Print PDF

Summary of 10.1 "Introduction"

We first began with preliminary remarks as to how this series connects with previous series.  It was an overview of the topics that fall under the broader tittle of Sources of Islam.  Then we addressed basic questions such as the word Quran, which used to be referred to as Koran, but Quran is more accurate.  We addressed where it comes from, its different names which appear in the Quran: for example the Book, the Criterion and the significance of these names in expressing the nature of the Quran..  We discussed briefly how the Quran, as the word of Allah, differed from Hadith which is the Prophetic sayings.  Mainly we discussed the issue that the Quran was given in meaning and word to the Prophet unlike the Hadith.  We indicated that the fact that the Quran was dictated to the Prophet word for word doesn’t mean that his role was simply like a tape recorder.  His role included understanding, communicating and applying the Quran in his own life and in the life of the community.  In a way he exemplified and interpreting the Quran for the people in his role as a living Quran.  In fact not just a book was given to the people but a model of how that book becomes a reality in the lives of the people.


10.2     Source of the Quran I - Internal Evidence

Host:  How do we know who the author of the Quran is?

Jamal Badawi:

There are a number of sources on this subject in Arabic such as Al Naba’ Al Atheem.  There are also writings on the subject by Rasheed Rida, Alwahi Muhamaddi by Muhamad Lutfi Juma’a, Thouwrat Al Islam Wa Batal Al Anbia.  There is a little booklet that was published by the Islamic Society of North America that is “Muhammad: A Prophethood and Analytical View” which touches on this subject in English.  As Dr. Draz suggests we can start with something that everyone agrees is true regardless of whether they are a Muslim, non-Muslim, believer in God or atheist everybody acknowledges that the Quran was recited for the first time by a man who was born in Arabia in the sixth century by the name of Muhammad (PBUH).  This leaves us with the basic question of the source of the Quran.  It would appear that there are only three logical possibilities.  One that the Quran was authored by Prophet Muhammad himself.  Second is that he was not the author of the Quran but he learned it from other human authors.  Third, that the Quran didn’t have any other author but that it came from God.  It is only through  a carful examination of each of these possibilities, comparison of the variety of evidence (internal and external evidence) that we may arrive at a reasonable conclusion as to who the author of the Quran is.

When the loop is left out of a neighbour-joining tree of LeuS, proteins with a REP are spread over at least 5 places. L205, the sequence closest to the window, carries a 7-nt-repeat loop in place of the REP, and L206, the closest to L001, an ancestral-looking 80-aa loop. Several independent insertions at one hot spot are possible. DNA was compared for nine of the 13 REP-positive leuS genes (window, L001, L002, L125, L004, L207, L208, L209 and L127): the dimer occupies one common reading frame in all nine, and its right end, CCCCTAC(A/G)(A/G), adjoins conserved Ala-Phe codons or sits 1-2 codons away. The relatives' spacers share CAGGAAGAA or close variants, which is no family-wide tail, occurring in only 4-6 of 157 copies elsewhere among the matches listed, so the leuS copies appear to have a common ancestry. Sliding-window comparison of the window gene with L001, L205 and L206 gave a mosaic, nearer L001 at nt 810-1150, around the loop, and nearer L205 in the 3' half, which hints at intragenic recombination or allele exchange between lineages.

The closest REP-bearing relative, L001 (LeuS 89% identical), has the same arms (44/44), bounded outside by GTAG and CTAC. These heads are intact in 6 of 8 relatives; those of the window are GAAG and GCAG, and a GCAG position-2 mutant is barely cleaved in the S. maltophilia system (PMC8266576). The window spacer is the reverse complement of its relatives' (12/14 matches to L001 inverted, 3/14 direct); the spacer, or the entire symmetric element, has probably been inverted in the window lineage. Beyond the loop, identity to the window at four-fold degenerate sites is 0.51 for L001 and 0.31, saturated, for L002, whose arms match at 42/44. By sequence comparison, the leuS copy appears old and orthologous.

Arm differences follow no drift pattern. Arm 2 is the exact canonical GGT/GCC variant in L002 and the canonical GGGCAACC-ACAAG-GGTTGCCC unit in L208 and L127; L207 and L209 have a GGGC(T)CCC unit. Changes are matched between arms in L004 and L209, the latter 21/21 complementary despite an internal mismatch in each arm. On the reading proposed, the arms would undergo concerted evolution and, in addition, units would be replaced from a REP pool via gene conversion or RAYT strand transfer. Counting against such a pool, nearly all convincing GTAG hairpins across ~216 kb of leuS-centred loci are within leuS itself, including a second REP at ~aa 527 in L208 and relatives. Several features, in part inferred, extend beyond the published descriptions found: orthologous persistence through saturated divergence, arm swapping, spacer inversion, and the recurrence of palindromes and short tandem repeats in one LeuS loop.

Host:  What do you mean when you use the term external evidence?

Jamal Badawi:

Internal evidence is evidence found in the Quran itself about its source aside from what is being said about the Quran.  The essence of this internal evidence is that the Quran was not authored by Prophet Muhammad or any other human being but that it was a direct revelation from God.  The first time when Prophet Muhammad received revelation when he was meditating in the cave of Hirra’a outside of Mecca, Angel Gabriel came to him held him and said “Iqra’a.”  He said Iqra’a, recite, then he said recite in the name of your Lord who creates.  These were the first verses or passages of the Quran reveled to the Prophet.  It is obvious from the wording that read is a command given to the Prophet and he can not be an author of this.  This appears in Surah 96.  It is no wonder that we find that the Surahs of the Quran start with “In the name of Allah the Beneficent the Merciful.”